We talk a lot about “The Crisis,” but it’s hard to understand exactly the size of this global economic crisis, because there are more and more companies that are keen to say that they are doing well—or at least they have been able to parry the blow. Recently, I attended a conference in Italy where some companies shared their views and talked openly about the environment in which they are working.
According to Roberto Bottacini, CEO of Pneumax, the current crisis is the sum of many crises: “It’s the crisis of the recession, unemployment and the effects on the life of everyday people. But it’s also the crisis of capitalism—an economic model that has no alternative for us but that is not free from defects. Behind this, there are crises of thought, ideas and behaviors. There is the difficulty of economic theory, economic policy and economists to predict, explain, and especially to cure.”
So this crisis isn’t exactly a crisis but it’s a real change: It’s the end of an era. In fact, all the great crises have brought with them a change, an opportunity, a choice, a decision—different cultures provide different names, but only one meaning. The questions are always the same: “Are companies and markets still able to trigger a new phase of development? How? And what should be the role of the State: with or against companies? How will the financial trends continue to influence the prospects for recovery of the global economy?”
According to Giulio Sapelli, professor of economics and economic history at the Università Statale of Milan, the focus of global growth have changed because the economic center of gravity is changing the world: The USA is shifting its economic capacity to Asia, while Europe, under a German blocking domain, discovers itself a shooting star.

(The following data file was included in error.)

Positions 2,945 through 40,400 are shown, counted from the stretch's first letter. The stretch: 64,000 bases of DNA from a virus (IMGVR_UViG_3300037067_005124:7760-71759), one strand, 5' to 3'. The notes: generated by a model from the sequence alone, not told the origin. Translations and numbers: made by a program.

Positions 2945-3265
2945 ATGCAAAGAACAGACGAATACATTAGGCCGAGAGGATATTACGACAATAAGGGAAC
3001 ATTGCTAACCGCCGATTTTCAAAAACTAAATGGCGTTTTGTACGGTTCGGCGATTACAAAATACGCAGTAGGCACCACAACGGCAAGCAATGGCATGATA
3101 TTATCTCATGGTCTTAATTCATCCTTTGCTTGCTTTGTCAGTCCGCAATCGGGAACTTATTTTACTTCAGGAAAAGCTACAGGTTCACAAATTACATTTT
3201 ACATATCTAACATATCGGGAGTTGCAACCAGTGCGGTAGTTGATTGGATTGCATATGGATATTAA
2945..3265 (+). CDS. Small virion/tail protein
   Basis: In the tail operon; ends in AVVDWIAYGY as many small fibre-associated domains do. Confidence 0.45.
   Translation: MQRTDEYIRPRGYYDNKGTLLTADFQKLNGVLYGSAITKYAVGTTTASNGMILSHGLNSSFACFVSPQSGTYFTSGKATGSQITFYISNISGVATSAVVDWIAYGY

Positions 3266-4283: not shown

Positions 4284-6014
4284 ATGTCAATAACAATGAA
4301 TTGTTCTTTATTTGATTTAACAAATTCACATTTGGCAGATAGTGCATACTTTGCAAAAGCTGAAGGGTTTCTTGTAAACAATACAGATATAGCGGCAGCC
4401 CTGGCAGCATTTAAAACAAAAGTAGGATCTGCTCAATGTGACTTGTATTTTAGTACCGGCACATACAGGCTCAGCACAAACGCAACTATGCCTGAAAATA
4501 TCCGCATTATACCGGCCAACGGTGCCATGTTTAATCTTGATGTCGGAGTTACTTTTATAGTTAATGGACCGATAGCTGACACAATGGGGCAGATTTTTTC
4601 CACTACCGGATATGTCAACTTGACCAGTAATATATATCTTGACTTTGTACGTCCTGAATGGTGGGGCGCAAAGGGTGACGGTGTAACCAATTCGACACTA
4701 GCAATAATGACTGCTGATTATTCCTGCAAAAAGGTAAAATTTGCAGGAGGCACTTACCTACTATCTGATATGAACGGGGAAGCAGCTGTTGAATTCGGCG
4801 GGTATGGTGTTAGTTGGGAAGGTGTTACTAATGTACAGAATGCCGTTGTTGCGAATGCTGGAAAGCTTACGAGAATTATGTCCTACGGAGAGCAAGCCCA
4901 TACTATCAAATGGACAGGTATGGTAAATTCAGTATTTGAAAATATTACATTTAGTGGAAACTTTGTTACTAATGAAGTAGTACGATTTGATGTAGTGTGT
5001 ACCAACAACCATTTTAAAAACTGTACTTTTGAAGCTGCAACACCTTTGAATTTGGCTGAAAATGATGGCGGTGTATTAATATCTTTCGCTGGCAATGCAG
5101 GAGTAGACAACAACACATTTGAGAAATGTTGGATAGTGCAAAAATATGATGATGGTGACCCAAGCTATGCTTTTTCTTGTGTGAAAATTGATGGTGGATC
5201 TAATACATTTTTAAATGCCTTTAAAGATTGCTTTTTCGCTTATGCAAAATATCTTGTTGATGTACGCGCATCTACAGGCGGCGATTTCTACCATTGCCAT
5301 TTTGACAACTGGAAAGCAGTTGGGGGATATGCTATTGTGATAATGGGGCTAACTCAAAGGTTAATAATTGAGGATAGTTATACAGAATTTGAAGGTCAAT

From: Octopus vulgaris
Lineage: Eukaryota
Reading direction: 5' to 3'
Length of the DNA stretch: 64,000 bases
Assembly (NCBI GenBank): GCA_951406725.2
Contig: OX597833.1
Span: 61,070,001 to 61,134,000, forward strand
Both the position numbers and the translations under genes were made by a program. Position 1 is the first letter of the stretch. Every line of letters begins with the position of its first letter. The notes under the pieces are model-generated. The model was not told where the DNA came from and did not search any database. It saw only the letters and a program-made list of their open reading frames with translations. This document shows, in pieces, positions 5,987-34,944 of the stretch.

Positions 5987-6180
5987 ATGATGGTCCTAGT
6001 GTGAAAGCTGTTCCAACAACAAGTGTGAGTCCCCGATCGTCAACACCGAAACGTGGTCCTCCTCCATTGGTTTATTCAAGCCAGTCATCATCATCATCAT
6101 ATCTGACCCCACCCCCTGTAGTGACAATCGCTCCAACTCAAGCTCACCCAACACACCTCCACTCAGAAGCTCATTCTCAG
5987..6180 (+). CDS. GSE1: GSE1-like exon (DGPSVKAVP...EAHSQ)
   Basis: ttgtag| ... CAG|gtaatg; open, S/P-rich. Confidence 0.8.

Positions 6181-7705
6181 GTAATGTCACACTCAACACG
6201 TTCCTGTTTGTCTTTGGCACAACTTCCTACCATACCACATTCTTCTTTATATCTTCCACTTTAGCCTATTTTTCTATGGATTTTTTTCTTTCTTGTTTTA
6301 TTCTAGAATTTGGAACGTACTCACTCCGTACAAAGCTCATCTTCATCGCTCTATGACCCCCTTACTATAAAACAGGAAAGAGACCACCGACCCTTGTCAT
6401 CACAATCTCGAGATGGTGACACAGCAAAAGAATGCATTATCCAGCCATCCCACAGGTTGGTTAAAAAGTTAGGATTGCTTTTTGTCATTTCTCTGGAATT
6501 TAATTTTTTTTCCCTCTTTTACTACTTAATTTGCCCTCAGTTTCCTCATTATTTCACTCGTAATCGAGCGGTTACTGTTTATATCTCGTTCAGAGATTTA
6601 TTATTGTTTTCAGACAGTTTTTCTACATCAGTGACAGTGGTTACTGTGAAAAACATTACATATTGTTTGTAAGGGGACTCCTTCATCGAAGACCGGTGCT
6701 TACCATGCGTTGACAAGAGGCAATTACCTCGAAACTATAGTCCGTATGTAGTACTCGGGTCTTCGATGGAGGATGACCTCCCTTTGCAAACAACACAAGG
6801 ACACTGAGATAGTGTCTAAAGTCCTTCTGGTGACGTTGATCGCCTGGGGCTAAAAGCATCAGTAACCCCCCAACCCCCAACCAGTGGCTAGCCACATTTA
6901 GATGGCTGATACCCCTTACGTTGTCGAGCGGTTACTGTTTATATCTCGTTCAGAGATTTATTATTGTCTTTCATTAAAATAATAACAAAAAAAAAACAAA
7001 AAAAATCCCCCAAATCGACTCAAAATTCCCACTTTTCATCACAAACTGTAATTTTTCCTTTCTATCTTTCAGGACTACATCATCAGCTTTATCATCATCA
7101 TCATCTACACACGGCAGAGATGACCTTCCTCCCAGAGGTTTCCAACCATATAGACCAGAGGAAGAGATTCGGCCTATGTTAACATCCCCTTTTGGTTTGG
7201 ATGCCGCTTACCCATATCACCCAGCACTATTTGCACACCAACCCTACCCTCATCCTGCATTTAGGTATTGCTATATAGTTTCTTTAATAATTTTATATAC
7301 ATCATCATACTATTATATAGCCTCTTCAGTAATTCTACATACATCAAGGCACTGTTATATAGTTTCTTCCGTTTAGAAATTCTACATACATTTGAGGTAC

For Italy, Sapelli says, the only safe bet is to refocus its manufacturing industry. That means refusing to relocate and, instead, to favor the internationalization of its companies. The process of relocating abroad just to reduce costs is driving the country into a process of de-industrialization that is making the Italy poorer, he said. So, Italy has to face a cultural ‘war’: focus on work.
All developing countries are rebuilding their manufacturing industry. It’s just a matter of common sense: If private companies cannot do it alone, they might need help through the public bodies. The State thus should encourage the growth of companies. Yet, the State cannot ask companies to invest and at the same time disrupt their growth by imposing excessive tax burden and bureaucratic and administrative distortions on them.
According to Guido Venturini, general director of Confindustria of Bergamo, the State cannot afford to restrict itself to financing the start-up; it also must help existing companies to revive. On the other side, companies must learn that to compete they need to cooperate with each other to create sustainable innovation. They must keep roots in their district and at the same time compete globally in different markets.
According to Gianfranco Fabi, journalist of Il Sole 24 Ore, Italy has a great talent to combine quality, innovation and design, and it exports a whole bunch of different products all over the world. Italy is a country full of excellence and who truly deserves to be rewarded by banks because companies need cash to invest.
To see the end of this crisis, all stakeholders must play on the same team. Companies, the State and banks need to share their goals. It is a game that’s played all together, with everyone aware that we will emerge from this period different from the way we entered.
>> Antonella Cattaneo, Antonella.Cattaneo@fieramilanomedia.it, is Managing Editor of Automazione Oggi, an Italian publication of Fiera Milano Media.